We can see this playing out to this day in the current Little Rock Crisis, where the state government used a pretext to take over the Little Rock school district just as black folks got a majority on the school board. White liberal leadership in Little Rock insists this is a question of democratic control and not racism, and is pleased that a long-time white board member--a good man, I must add--has been placed into the superintendent's job. Most black folks, and white folks either to the left of liberal or very conscious of systemic racism, consider this an openly racist action on the part of the state government with the tacit cooperation of Little Rock's powerful.

    I see this play out in our congregation's approach to social action generally and race in particular: Change is best carried out by nice people, careful to be respectable. And so a program of events centered around systemic racism, queer theory, the Bidder 70 movie, and so on, is not seen as a Good Thing.

    I myself am neither particularly nice (there are better virtues) nor at all respectable, and I get the resistance to me leading this effort, but our governance structure requires the social action lead and the minister agree on programs to be presented, leaving a hard check on my ability to Go Too Far. Instead, I'm pretty much frozen out of social action, and out of church leadership and use of church resources generally. I was aware when I was asked to serve the three-year board presidential cycle that I'd been asked in large part because people didn't really know me, but I didn't anticipate how it's turned out. There's still a little hurt in me from that.

  5. I'll pause to say it's fulfilling to sing in choir, teach OWL, and lead occasional discussion groups. Maybe I'm best used as a teacher and a facilitator. Teaching OWL is particularly wonderful. I've seen kids' lives change for the better from it. Their parents have told me the same thing. It's a great opportunity I've been given.

    While I don't discount there being some personal animosity toward me, I don't think that's a root cause. (It might be a symptom, or it might be my fault.) I honestly believe the people pushing against me are usually acting for the good of the congregation as they understand it.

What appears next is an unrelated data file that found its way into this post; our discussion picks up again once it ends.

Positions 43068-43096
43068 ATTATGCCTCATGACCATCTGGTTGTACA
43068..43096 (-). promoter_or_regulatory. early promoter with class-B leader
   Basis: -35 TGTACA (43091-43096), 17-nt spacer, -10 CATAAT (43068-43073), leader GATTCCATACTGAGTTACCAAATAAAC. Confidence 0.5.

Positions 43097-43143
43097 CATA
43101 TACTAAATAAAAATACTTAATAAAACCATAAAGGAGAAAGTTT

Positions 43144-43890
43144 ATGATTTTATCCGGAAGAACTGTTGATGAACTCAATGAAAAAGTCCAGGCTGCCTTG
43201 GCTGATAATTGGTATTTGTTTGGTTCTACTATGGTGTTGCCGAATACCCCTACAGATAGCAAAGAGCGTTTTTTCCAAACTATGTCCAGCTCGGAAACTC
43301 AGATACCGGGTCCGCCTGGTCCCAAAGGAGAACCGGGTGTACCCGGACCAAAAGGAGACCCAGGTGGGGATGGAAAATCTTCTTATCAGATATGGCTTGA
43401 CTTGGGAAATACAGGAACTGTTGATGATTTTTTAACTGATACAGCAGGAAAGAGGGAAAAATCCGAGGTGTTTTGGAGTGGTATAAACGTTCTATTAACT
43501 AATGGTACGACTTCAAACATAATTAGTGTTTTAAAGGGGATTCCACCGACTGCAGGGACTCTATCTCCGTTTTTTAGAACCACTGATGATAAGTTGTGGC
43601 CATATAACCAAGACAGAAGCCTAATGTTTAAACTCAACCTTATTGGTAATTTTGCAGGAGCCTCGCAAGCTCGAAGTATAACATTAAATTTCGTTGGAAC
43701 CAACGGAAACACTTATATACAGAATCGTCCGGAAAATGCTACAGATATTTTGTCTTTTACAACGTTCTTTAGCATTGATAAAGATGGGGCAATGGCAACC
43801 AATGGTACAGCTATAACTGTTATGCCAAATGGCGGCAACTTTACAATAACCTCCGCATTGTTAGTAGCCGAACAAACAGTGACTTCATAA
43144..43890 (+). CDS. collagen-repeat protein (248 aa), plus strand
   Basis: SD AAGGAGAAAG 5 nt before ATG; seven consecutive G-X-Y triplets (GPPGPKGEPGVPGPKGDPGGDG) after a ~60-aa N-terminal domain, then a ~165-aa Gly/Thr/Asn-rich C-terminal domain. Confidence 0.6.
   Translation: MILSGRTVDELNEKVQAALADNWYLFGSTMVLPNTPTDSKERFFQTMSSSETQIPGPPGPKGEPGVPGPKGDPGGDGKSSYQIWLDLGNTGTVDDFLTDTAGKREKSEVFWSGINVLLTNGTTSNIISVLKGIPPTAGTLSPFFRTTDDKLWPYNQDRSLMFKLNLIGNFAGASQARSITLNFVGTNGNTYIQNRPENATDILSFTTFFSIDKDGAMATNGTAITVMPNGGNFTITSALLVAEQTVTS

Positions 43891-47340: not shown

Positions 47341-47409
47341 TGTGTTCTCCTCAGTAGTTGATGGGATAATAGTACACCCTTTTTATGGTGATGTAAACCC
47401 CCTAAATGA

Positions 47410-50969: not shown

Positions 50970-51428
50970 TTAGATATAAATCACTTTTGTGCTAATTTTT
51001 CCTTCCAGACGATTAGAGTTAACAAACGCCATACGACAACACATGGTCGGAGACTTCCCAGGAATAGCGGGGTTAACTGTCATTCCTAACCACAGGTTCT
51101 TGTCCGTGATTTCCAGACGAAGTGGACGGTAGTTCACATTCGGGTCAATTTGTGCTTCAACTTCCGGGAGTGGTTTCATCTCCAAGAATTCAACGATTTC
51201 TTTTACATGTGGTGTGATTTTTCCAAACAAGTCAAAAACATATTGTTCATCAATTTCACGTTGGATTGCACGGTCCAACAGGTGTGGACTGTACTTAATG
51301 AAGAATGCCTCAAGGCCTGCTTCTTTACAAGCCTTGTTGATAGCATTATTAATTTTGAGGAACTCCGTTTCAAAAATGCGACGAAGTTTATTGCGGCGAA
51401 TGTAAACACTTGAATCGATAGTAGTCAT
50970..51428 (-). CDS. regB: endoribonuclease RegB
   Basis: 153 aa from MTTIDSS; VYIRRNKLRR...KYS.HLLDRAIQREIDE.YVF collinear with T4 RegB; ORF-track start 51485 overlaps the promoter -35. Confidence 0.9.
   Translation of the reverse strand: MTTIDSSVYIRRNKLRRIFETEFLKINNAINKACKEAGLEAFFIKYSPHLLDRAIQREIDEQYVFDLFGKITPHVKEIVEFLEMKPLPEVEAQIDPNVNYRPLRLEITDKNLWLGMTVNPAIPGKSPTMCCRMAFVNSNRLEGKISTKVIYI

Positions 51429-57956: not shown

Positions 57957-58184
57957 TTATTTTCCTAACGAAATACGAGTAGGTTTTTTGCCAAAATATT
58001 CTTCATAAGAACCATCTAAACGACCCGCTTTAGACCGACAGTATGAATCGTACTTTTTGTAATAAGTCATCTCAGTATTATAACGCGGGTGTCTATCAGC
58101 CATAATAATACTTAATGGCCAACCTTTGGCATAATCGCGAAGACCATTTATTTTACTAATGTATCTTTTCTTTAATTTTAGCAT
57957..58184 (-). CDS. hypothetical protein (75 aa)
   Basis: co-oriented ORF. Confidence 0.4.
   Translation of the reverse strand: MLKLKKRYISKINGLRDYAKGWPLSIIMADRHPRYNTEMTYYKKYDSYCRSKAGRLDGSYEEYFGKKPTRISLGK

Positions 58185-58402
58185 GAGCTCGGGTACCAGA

But knowing those things through reason doesn't mean I feel good about the situation.

    I dislike being given the opportunity and the temptation--to which I am drawn, bad as it is to admit and hard as it is to resist--to, as Lyndon Johnson put it, stand outside the tent pissing in. I used to be that guy. I don't want to be him again. I'd rather be inside pissing out. And I don't see why anyone would want me pissing in.

    But I feel less pissed off about it than I feel pissed away. After being board president and dealing with things I didn't enjoy dealing with, hard decisions without good outcomes, at least one that broke my heart, I'd wanted to do something to feed my soul. I craved diving into social action but found the pool was empty.

    Well. That's quite the essay. Please discount the self-pity and the self-importance. A smarter person would edit it out, but I'd rather tell it as I understand it, even when it makes me look bad if that aids in understanding. I'll trust in a generous reading that helps me sort out what's important and what's transient.

  6. I'd like to add one point and a bit more.

    The other thing which I believe our experience with the civil rights movement has done was give us the idea that social justice is something that we do for people rather than with people. I won't repeat the circumstances that led us to that point, but they can be found above.

    The other thing is that, despite my frustrations, I feel very optimistic about the long-term future of our congregation. (Even after the unexpectedly difficult and frustrating morning I brought on for myself and others.) I had a hand in bringing our interim minster to us two years ago, and she has done a wonderful job in fulfilling the particular duties we brought her to the church to perform. If I had it to do over, I would bring her back again, despite the fact that she had a hand in frustrating the desires I've expressed here. Her next congregation--she leaves us in June--will be lucky to have her.

    To follow her, our search committee found us a new minister about whom my first thought was, "What's wrong with her? She's too good to be true!" But she wanted to come home to Arkansas and we are incredibly fortunate for that. Our wonderful home, known both as The Natural State and The Land Of Opportunity, gets some credit, too.

    Then this morning, we added nine--or was it ten?--new members! One was a former long-time member who moved home to retire and two were long-term friends who took the plunge. The others were young parents. I already feel the vitality and wisdom and love these new members and their families carry with them.

    We are a good congregation and I'm proud of it. But I want us to be a great congregation, and to do that, we have to lift our eyes and raise our expectations, broaden our horizons and drop our defenses, maintain our boundaries and abandon our borders. That's how my vision for our future looks. Will others share it? I hope so.